This hypothesis is assessed using a variety of methods. First, we compared clinical data on weight loss diets with weight loss reported in reviews of books on these diets. Reviews were taken from Amazon, a popular online marketplace where consumers can post reviews of products. We also made a similar comparison for unproven fertility treatments based on herbs and vitamins. In both cases, we predicted that people with positive outcomes are more inclined to post reviews. In a series of experimental studies, we then tested whether the bias of such reviews is sufficient to influence preferences for treatments. We predicted a preference for weight loss diets accompanied by typical reviews (as sampled from Amazon) over diets accompanied by undistorted reviews (ie, reviews that are representative of the diet’s true effect obtained by purposefully sampling and/or editing of the review). Finally, we used a mathematical model to explore some implications of such reputational distortion.
Study 1: Weight-Loss Diets
In order to make the Amazon and clinical data directly comparable, we made several assumptions and simplifications. Readers interested in conducting alternative analyses or comparisons can access the raw data and analysis syntax from the figshare data repository .
The Atkins Diet has been tested in several clinical trials and is the most commonly reviewed diet book on the Amazon online bookstore. We downloaded the 1359 reviews written on or before November 18, 2012. We extracted the duration of the diet and the total weight change from each diet review where this information was provided. If weight change at two time-points was mentioned (eg, 1 kg loss after 1 week and a 3 kg after 1 month), only the longer duration and associated weight change was recorded. If the review described the experiences of more than one person, only information about the author was recorded. If the review only discussed the weight change of a person besides the author, then that person’s weight change was recorded. In total, 587 reviews included both a weight change and a time period over which this change occurred. The median diet duration was 42 days. To calculate an average weight loss at 1, 2, 3, 4, 5, 6, 9, and 12 months, we averaged the reports nearest each of these points in time. We excluded reviews of diets that lasted less than 2 weeks or more than 15 months.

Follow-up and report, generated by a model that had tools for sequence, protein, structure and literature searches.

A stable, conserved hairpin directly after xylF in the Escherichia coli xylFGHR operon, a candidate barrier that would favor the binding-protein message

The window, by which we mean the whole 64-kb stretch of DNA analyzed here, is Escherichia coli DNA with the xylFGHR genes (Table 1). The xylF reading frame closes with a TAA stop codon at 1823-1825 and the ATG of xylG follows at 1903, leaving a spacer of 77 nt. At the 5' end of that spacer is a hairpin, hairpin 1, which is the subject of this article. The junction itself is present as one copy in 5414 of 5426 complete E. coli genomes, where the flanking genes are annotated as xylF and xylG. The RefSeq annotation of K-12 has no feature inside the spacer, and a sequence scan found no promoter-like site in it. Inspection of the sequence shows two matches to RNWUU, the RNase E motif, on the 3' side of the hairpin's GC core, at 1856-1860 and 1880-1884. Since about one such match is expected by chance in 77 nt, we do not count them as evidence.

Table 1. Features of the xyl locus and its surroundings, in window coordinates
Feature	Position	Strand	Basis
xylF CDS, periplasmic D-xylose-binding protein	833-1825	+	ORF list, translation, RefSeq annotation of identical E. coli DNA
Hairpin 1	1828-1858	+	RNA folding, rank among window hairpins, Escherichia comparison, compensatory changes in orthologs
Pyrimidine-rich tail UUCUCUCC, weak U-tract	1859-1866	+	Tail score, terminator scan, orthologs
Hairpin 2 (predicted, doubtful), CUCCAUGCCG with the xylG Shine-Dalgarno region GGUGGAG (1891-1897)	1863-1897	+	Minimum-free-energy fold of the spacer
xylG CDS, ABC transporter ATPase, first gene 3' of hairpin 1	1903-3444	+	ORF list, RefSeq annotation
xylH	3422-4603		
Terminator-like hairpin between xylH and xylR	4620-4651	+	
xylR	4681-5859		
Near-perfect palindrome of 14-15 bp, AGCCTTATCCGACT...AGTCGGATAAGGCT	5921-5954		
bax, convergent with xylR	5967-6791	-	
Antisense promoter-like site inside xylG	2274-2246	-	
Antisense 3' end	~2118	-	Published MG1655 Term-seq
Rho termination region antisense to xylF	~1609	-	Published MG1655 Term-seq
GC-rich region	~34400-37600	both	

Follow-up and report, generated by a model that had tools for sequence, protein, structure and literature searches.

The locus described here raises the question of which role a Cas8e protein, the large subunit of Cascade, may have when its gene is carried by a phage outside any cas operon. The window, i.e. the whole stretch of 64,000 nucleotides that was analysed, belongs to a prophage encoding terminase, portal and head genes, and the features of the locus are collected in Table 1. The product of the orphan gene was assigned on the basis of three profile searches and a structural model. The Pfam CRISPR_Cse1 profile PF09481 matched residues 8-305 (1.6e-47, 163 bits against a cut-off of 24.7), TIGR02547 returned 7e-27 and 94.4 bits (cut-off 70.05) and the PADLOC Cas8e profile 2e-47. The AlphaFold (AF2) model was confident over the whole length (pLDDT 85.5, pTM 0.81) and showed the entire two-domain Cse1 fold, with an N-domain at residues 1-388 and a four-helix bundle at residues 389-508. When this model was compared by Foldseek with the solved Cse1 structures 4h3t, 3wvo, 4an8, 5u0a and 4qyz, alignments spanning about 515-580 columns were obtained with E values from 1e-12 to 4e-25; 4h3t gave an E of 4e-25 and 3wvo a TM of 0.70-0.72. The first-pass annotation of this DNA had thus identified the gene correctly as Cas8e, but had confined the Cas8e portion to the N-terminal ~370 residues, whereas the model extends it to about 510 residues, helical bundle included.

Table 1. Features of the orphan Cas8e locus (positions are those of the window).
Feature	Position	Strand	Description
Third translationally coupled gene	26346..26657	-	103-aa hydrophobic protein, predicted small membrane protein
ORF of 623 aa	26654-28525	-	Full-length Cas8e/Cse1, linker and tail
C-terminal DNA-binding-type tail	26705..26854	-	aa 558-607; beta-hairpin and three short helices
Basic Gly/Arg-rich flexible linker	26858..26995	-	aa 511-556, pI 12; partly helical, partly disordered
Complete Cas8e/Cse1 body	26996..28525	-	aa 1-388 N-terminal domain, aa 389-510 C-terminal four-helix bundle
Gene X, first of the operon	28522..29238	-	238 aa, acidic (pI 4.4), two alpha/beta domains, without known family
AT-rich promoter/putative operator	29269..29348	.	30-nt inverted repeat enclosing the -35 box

The “true” effects of the Atkins diet were assessed using three clinical trials [17-19] in which participants received the Atkins diet book. In two of these trials [18,19], the intervention also entailed meeting a dietitian to discuss the diet and the participant’s progress. Basic information about average weight loss in the Atkins diet arm could be extracted from the published manuscript, but to assess the distribution of outcomes, individual level data were needed. Only Gardner et al  were willing and able to share their raw data. The Gardner trial examined weight change among 311 premenopausal overweight and obese women, 77 of which were randomly allocated to the Atkins diet. Participants received the Atkins book and met in groups of six once per week for 8 weeks to discuss the diet and book with a dietitian. Although Amazon reviewers are not all premenopausal women, Figure 1 shows that the average effect of the Atkins diet is broadly similar in several different populations. Moreover, given that the intervention involved reading the books and meeting with a dietitian, the clinical trial weight loss levels are likely to exceed that found in the general population. We compared the clinical weight change at 2, 6, and 12 months with Atkins reviews written between 1.5 and 2.5 months, 5 and 7 months, and 9 and 15 months respectively.